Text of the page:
The Eighteenth Century Lexicon
The meaning of words seems to have changed quite subtly over the last three hundred years. For instance in the eighteenth century a man might 'receive an intelligence' which in today's parlance, means that he has simply been 'told' something that interests him. The word 'intelligence' now has spying and intellectual connotations, which it didn't seem to necessarily have back then.
Then there are words that have fallen out of use altogether: such as 'wherein' (meaning 'in which') and 'beeves' (the plural of beef) and 'bigness' (size).
Another interesting thing I have discovered is that when reporting direct speech the words between the speech marks are not direct quotes from the person speaking (as in 'I would like you to come with me,' said the king.) but remains reported, as in: the king said, 'he would like me to come with him.' I keep wondering if I have that right, but I think I have.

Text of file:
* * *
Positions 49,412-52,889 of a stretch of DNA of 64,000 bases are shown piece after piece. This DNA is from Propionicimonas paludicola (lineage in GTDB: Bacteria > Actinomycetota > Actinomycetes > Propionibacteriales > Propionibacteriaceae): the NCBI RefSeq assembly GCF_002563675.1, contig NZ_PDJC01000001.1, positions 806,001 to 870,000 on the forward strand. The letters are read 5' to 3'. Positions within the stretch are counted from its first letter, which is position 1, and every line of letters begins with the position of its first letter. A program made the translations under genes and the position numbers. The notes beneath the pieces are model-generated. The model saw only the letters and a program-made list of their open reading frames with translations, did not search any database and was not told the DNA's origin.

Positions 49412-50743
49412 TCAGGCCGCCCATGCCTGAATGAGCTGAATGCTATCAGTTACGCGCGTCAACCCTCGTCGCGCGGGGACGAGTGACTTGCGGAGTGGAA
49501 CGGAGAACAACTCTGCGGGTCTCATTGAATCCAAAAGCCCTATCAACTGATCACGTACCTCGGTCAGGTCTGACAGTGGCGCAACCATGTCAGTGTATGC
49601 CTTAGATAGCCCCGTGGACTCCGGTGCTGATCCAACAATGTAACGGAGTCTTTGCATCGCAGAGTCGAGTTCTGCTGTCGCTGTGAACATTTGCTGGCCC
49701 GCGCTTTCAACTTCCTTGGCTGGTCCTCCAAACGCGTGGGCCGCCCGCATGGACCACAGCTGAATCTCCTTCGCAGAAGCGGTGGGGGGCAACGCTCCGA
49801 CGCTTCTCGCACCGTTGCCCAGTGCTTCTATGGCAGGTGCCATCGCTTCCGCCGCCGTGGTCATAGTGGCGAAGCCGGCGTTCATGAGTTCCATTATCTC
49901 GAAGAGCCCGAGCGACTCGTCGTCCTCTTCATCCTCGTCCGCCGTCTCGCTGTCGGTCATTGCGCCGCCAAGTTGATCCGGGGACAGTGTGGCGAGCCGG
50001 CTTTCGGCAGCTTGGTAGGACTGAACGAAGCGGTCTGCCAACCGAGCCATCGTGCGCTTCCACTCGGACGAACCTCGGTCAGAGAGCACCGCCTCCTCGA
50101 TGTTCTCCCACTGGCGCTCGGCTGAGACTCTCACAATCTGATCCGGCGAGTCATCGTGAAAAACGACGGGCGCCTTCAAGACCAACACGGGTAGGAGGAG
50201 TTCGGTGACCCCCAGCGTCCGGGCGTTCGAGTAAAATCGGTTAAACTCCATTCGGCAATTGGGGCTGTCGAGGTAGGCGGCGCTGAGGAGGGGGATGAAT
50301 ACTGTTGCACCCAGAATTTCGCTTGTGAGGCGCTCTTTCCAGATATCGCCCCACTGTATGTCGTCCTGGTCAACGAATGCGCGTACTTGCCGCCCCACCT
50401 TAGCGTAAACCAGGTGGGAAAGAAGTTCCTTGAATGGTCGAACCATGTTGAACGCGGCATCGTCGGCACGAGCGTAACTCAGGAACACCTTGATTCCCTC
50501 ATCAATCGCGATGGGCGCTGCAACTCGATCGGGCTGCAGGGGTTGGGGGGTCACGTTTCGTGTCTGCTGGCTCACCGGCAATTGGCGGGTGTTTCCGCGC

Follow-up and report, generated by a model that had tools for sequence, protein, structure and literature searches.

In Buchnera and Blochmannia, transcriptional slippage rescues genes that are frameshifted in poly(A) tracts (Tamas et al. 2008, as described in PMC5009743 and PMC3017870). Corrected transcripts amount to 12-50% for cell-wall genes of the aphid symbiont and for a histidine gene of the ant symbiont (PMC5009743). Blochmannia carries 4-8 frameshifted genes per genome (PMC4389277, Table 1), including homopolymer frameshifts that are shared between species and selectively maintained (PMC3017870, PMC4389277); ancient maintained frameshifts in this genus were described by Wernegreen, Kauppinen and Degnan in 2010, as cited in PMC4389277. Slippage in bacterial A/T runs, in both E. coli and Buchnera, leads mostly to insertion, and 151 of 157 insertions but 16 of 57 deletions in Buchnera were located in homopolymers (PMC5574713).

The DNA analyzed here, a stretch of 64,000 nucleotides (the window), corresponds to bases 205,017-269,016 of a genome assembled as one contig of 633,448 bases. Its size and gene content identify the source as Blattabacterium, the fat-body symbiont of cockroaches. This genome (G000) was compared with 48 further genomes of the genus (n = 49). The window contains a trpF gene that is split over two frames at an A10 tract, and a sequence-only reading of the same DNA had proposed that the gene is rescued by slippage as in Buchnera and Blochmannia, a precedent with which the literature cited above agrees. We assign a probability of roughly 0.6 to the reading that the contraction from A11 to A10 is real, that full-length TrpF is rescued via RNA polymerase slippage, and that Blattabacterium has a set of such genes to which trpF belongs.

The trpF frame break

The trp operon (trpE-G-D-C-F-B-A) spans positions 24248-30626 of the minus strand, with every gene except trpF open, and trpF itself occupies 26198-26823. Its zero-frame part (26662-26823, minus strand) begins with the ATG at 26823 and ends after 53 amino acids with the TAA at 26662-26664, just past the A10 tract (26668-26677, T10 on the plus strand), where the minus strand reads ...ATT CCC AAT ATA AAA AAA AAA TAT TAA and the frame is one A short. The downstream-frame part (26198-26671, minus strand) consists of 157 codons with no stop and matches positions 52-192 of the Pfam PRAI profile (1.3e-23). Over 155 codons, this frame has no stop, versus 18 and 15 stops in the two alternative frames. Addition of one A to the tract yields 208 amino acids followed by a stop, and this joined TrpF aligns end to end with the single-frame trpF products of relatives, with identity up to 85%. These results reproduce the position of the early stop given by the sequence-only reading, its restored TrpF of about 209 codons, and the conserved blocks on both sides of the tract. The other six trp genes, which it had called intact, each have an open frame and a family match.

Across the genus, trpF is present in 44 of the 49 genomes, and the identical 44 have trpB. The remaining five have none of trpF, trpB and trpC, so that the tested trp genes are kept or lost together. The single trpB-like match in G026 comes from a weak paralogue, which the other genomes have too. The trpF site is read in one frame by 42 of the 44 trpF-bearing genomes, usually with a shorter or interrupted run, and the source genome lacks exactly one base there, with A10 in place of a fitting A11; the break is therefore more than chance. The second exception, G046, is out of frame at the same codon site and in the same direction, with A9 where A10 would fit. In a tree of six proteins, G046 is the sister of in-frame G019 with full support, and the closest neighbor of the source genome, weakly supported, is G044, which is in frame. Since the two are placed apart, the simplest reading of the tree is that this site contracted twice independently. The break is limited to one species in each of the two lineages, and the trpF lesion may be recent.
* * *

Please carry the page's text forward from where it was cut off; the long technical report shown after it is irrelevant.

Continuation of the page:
I am also coming across words that must have been in vogue during Swift's time. This morning I came across the term 'Hapsburg Lip' which I discovered was a genetic mutation caused by inbreeding. At the time Jonathan Swift was writing his book Charles II was on the throne in Spain. He was the end of the Hapsburg line, and according to this Wikipedia article his Hapsburg Lip was only part of his problems. ....
It is a singular story, and I confess that I have been mindful of it over the entirety of this day.